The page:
Speeding – Amending “Up” the Speed on the original ticket at Trial


At your trial for speeding, can the Justice of the Peace order that your ticket be changed to a higher number of kilometres an hour, than what the Officer charged you on your ticket?  Apparently, Yes.

When most motorists receive speeding tickets with a stated speed (ie- 115 km/h in a posted 100 km/h zone) they don’t expect the Prosecutor to attempt to boost up the speed to 130 km/h, when they insist on a trial.  In the case that will be referred to herein, that is exactly what happened to Mr. Robert Winlow.

In an Ontario Court of Appeal decision released on September 10, 2009 see York (Regional Municipality) v. Winlow 2009 ONCA 643, the Ontario Court of Appeal confirmed that JP’s can “amend up” a charge, such as speeding. In this particular case, the defendant, Mr. Robert Winlow was given a ticket on December 6, 2006 for driving 115 km/h on highway 400.

The Officer that issued the ticket said that he paced Mr. Winlow doing 130 km’s but only gave him a ticket travelling  115 km over the speed limit. Mr. Winlow requested a trial and received his Notice of Trial and showed up to court for his scheduled appearance for trial on August 16, 2007.

When the Prosecutor met with Mr. Winlow, expecting that Mr. Winlow would accept a plea bargain, he was upset to find that Mr. Winlow would not plead guilty to speeding 15 kilometres over the posted speed limit.

When Mr. Winlow’s matter was called in court, at the arraignment stage of the trial, Mr. Winlow stood and plead not guilty to speeding 15 over the posted speed limit, the Prosecutor asked the Justice of the Peace, Justice Hodson-Walker to “amend” the ticket and make the actual speed 30 km’s over, given that the Officer testified that Mr. Winlow was actually travelling at 30 km’s over when the Officer was pacing him, but that he only issued a speeding ticket indicating that Mr. Winlow was travelling 15 kilometres over the posted speed limit.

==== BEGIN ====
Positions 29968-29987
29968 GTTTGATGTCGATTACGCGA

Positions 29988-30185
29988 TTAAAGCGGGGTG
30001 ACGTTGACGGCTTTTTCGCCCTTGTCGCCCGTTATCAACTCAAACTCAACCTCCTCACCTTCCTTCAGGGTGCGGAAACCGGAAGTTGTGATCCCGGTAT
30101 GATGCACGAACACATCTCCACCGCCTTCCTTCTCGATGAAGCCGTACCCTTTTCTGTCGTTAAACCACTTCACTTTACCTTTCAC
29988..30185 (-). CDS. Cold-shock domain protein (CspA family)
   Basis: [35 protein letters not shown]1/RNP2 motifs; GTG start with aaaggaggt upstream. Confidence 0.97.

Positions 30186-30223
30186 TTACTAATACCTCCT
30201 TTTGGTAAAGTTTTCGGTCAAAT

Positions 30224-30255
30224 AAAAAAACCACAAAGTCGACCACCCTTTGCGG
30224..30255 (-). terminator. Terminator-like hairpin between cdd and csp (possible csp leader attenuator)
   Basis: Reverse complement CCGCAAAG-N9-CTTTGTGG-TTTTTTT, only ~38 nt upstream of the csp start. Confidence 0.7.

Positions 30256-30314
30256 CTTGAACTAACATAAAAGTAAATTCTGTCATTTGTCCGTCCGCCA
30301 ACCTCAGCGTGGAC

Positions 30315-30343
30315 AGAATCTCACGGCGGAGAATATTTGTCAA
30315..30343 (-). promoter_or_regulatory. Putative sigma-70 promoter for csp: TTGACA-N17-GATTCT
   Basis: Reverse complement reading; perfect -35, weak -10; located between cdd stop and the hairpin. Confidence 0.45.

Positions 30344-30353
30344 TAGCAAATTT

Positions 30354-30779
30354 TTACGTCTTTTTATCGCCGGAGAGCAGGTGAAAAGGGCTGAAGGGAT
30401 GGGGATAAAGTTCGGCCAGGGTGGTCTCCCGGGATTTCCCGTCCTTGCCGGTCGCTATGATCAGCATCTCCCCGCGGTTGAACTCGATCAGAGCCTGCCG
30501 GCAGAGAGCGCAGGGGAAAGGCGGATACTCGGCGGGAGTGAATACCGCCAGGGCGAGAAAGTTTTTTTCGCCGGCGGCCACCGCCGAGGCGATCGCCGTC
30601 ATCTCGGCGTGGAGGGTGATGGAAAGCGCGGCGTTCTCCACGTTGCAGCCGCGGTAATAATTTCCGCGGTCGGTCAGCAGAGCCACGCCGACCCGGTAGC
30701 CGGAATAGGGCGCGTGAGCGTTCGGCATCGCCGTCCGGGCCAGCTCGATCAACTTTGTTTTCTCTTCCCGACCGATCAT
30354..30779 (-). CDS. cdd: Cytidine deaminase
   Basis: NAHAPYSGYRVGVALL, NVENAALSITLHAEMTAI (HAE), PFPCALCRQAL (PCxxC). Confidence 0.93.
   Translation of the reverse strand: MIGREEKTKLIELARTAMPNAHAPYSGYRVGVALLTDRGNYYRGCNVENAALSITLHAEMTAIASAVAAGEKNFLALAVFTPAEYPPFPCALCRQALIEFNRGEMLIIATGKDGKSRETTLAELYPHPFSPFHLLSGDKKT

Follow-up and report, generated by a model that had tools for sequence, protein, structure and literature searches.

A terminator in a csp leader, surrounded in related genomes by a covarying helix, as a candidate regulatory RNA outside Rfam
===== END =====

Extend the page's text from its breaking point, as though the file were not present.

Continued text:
The Justice of the Peace, Justice Hodson-Walker hearing the original trial denied the Prosecutor’s request to “amend up” the speed on the ticket, but did see fit on convicting Mr. Winlow of travelling 115 kilometres in a 100 kilometre per hour zone in his motor vehicle.

The Prosecutor was not happy with this result and as a result, the Regional Municipality of York appealed this decision to the Ontario Court of Justice. The Municipality of York stated as the ground for appeal, that Justice of the Peace Hodson-Walker erred in law by refusing to “amend up” the speeding ticket.

At the Court of Justice, Judge Minard, dismissed the appeal on March 6, 2008.  He said that the proposed amendment did not prejudice Mr. Winlow.  He also acknowledged that had he been exercising his discretion at the trial, he would have granted the amendment.  But he could not say that the justice of the peace had erred in law

The Regional Municipality of York appealed Judge Minard’s decision to the Ontario Court of Appeal. The Ontario Court of Appeal heard this matter on January 14, 2009 and they handed down their decision on September 10, 2009.

The Court of Appeal was informed by counsel representing the Regional Municipality of York that “amending up” of speeding charges is a common practice among Ontario’s municipalities.  The appellant, the Regional Municipality of York, admitted that it was one of the municipalities that engages in this practice.

When the question was put to the Ontario Court of Appeal (can the court “amend up” a ticket/certificate?) in Winlow, this was their answer:
Obviously the court can “amend up” a certificate only if the evidence supports the amendment

In order to find out the powers of the Justice of the Peace in this case, to amend a ticket, you have to look at sections 34(2), 34(4) and 34(5) of the Provincial Offences Act.

The question of whether or not an amendment should be permitted is answered within the Provincial Offences Act as follows:

Considerations On Amendment
34(4) The court shall, in considering whether or not an amendment should be made, consider,
(a) the evidence taken on the trial, if any;
(b) the circumstances of the case;
(c) whether the defendant has been misled or prejudiced in the defendant’s defence by a variance, error or omission;and
(d) whether, having regard to the merits of the case, the proposed amendment can be made without injustice being done.

Amendment, Question of Law
34(5) The question whether an order to amend an information or certificate should be granted or refused is a question of law.

There have been a number of cases where the Justice of Peace has saw fit to amend the speed listed on the speeding ticket to a higher amount at the trial. See cases  R. v. Aristidou, 2007 ONCJ 250, R. v. Vanier, 2005 ONCJ 318, R. v. Vellone, 2008 ONCJ 765.

See story by CBC news.

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